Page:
Polar clouds are known to play a major role in the destruction of Earth’s protective ozone layer, creating the springtime “ozone hole” above Antarctica. Now, scientists have found that polar clouds also play a significant role in removing meteoric iron from Earth’s mesosphere. The discovery could help researchers refine their models of atmospheric chemistry and global warming.
Using a sensitive laser radar (lidar) system, laboratory experiments and computer modeling, researchers from the University of Illinois at Urbana-Champaign and the University of East Anglia in Norwich, England, studied the removal of meteoric iron by polar mesospheric clouds that they observed during the summer at the South Pole.
“Our measurements and models have shown that another type of reaction that takes place in the upper atmosphere – this time related to ice particles – plays a very important role in the processes that influence the chemistry of metal layers in this region,” said Chester Gardner, a professor of electrical and computer engineering at Illinois and one of the co-authors of a paper to appear in the April 16 issue of the journal Science.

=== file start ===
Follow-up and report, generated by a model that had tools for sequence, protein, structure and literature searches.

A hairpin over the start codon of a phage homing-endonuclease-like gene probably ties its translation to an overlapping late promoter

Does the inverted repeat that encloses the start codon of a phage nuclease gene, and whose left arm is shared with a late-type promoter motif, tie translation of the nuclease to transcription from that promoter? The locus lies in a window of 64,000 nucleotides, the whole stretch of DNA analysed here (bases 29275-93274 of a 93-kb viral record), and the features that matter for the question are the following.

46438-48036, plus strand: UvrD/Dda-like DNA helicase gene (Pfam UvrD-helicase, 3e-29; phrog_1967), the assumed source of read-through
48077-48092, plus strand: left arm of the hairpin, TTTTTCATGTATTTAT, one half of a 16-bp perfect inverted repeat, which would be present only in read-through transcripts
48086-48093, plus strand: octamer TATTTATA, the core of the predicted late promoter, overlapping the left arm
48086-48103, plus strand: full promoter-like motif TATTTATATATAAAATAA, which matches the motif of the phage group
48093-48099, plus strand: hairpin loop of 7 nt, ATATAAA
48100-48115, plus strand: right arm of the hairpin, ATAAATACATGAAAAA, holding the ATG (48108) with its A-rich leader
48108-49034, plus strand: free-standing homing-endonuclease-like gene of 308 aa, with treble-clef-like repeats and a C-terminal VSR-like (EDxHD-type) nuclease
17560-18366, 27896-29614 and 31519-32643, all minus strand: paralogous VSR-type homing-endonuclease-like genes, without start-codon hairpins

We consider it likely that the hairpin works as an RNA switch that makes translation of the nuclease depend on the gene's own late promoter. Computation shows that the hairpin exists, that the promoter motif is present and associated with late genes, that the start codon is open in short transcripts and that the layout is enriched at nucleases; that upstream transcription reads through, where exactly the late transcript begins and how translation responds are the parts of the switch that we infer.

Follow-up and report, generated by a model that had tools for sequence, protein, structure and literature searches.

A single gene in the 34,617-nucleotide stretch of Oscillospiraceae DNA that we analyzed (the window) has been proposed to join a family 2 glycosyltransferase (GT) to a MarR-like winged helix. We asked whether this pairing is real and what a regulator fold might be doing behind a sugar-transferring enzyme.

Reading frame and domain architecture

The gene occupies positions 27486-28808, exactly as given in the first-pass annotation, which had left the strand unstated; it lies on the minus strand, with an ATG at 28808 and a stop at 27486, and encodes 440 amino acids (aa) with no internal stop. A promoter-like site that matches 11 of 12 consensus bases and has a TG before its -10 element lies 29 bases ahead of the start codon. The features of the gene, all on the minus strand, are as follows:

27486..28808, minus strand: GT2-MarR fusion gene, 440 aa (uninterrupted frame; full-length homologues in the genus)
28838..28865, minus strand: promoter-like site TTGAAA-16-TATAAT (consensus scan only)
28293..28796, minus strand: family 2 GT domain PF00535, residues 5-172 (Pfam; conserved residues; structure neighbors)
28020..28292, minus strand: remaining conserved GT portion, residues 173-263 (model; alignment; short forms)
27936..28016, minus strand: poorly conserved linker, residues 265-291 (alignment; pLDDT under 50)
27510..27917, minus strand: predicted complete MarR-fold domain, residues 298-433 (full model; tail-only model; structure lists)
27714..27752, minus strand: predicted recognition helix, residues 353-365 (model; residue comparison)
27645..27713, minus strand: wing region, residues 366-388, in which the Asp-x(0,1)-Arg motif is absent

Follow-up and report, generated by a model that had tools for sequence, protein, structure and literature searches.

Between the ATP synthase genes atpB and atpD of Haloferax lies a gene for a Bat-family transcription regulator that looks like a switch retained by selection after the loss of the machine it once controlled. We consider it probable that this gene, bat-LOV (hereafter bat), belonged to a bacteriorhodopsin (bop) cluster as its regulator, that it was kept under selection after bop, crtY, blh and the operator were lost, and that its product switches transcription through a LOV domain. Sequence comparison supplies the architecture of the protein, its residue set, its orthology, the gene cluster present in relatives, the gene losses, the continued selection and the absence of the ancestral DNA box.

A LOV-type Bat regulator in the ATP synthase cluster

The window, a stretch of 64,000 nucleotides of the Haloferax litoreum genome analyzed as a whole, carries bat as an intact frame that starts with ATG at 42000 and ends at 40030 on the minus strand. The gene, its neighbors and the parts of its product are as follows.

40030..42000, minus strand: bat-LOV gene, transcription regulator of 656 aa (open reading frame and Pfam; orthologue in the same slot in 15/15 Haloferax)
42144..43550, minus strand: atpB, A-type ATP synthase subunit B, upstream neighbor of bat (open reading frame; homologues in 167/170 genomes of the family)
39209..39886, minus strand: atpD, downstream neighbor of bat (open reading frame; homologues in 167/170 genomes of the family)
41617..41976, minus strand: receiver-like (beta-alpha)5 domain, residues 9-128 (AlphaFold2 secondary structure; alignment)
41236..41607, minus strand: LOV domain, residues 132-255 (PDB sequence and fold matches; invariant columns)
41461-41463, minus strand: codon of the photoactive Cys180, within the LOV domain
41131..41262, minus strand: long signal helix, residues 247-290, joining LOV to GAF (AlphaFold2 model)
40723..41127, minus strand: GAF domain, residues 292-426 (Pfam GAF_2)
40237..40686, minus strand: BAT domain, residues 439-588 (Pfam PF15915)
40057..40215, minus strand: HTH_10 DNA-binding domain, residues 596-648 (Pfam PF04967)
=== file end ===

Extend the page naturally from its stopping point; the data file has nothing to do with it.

James E. Kloeppel | UIUC
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Researchers from the Institute for Quantum Computing (IQC) at the University of Waterloo led the development of a new extensible wiring technique capable of controlling superconducting quantum bits, representing a significant step towards to the realization of a scalable quantum computer.
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'Ferroelectric' materials can switch between different states of electrical polarization in response to an external electric field. This flexibility means they show promise for many applications, for example in electronic devices and computer memory. Current ferroelectric materials are highly valued for their thermal and chemical stability and rapid electro-mechanical responses, but creating a material that is scalable down to the tiny sizes needed for technologies like silicon-based semiconductors (Si-based CMOS) has proven challenging.
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